How to Reduce Your Electricity and Gas Direct Debits
By Graham Self
Has your gas and electricity supplier ever changed the amount of your Direct Debit payments? Have you felt that the new payment amounts are not reasonable but not known how to challenge them? Here we explain the ways to check what you should be paying and how to get your Direct Debit payments changed.
There are several benefits of paying for your gas and electricity by Direct Debit:
- Energy suppliers generally offer discounts if you pay by Direct Debit
- Your gas and electricity costs are spread evenly over the year
- Direct Debits can make managing your account and finances easier
How gas and electricity suppliers set your Direct Debit amount
Gas and electricity suppliers set your Direct Debit amounts based on the amount of energy that they think that you will use over a year. If you have recently switched, this will likely be an estimate, or for existing customers, the suppliers could refer to your gas and electricity consumption in previous years.
If you have built up any credit or debt against your gas or electricity account, this amount will also be considered when your energy supplier sets your Direct Debit amount.
Find out how much gas and electricity you use in a year
The first thing to do is to check how much your gas and electricity should cost you over a year. To do this, you need to find out how much energy you use. You need to find out how much you use in KiloWatt hours rather than how much you have spent as your energy prices will have more than likely changed over the course of a year.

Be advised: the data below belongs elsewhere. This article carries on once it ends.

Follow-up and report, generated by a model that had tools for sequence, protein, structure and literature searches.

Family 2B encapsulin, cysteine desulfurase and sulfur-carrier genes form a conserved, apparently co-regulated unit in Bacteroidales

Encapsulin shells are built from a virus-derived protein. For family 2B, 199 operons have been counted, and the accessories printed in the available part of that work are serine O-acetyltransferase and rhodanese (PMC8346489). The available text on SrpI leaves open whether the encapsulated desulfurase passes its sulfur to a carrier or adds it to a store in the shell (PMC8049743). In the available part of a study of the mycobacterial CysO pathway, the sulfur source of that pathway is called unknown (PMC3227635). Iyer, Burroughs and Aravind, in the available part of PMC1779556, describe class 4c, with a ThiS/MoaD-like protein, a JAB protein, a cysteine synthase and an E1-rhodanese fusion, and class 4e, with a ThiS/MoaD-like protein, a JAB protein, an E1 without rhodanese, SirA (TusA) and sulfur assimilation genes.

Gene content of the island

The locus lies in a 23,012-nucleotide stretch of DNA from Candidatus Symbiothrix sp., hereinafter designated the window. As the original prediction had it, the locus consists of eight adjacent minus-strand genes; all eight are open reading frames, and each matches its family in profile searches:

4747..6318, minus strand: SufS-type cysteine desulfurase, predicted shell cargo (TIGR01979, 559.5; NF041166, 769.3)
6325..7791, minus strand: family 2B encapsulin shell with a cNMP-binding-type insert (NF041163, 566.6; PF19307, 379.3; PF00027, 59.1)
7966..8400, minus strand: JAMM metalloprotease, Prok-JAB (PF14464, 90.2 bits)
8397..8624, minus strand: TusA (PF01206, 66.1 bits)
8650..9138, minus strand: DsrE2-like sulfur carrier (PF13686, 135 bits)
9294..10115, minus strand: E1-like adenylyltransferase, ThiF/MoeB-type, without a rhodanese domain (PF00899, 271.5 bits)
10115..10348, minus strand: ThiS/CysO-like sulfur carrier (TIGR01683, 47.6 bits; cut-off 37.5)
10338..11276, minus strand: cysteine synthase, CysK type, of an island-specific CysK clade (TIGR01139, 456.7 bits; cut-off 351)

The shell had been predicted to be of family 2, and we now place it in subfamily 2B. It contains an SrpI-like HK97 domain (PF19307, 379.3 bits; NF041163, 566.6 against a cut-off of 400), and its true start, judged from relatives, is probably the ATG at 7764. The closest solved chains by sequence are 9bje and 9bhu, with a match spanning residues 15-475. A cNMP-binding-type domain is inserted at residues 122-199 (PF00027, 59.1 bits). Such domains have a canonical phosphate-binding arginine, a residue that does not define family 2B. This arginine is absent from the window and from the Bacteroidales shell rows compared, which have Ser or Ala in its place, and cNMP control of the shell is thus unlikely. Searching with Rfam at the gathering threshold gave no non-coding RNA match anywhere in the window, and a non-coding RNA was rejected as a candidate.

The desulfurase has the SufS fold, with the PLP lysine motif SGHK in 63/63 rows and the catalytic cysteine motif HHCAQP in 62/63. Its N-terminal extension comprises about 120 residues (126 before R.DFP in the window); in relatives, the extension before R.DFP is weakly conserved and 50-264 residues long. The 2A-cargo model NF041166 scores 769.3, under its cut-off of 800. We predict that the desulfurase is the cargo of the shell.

If you have previous electricity and gas bills to hand, you can refer to these to work out how much you use over the course of a year.
If you do not have previous bills to hand, you can find out how much you gas and electricity you use by taking regular meter readings. You can then use these to estimate how much gas and electricity you use over a year. For example, if aver the space of a month, your meter readings showed that you used 300KWH of electricity in a month, you could multiply this figure by 12 to give an estimate of a year's use. However, you need to consider that usage in winter months is often higher than during summer months.
Check how much you should be paying for your gas and electricity
Once you know how much gas and electricity you use in a year, you can put these figures into the UKPower gas and electricity price comparison engine to see how much your current tariff would cost based on your annual usage.
First enter your postcode and then on the current supplier details page, select your current energy supplier and gas and electricity tariffs. You then need to choose to enter your gas and electricity consumption by usage and enter your annual usage amounts.
On the results page, find the tariff that you are currently on. If you are not on a dual fuel tariff, click on the gas or electricity tabs at the top of the results page to view individual gas or electricity only results.
When you find your current energy tariff in the results, make a note of the annual cost, which has been calculated based on what you told the system that you use. You can then divide this figure by 12 to give a suggested Monthly Direct Debit amount.
If you have any debt or credit, find out what this is from your supplier and divide this by 12 and either add (for debt) or subtract (for credit) this amount from the Direct Debit amount that you have calculated.
Direct Debit = (Annual Cost/12) + (Any Debt/12) - (Any Credit/12)
How to change your gas and electricity Direct Debit amount
Once you know how much you should be paying, call your energy supplier and explain that you wish to change your Direct Debit amounts, specifying what you would like it to be changed to. They may query your request, but you are now in a good position to justify your request. If they do not allow you to change your amount, you can argue that their figures are unreasonable.
The energy suppliers do not have to change your Direct Debit amounts, but by getting your facts together, you are putting yourself in a far better position.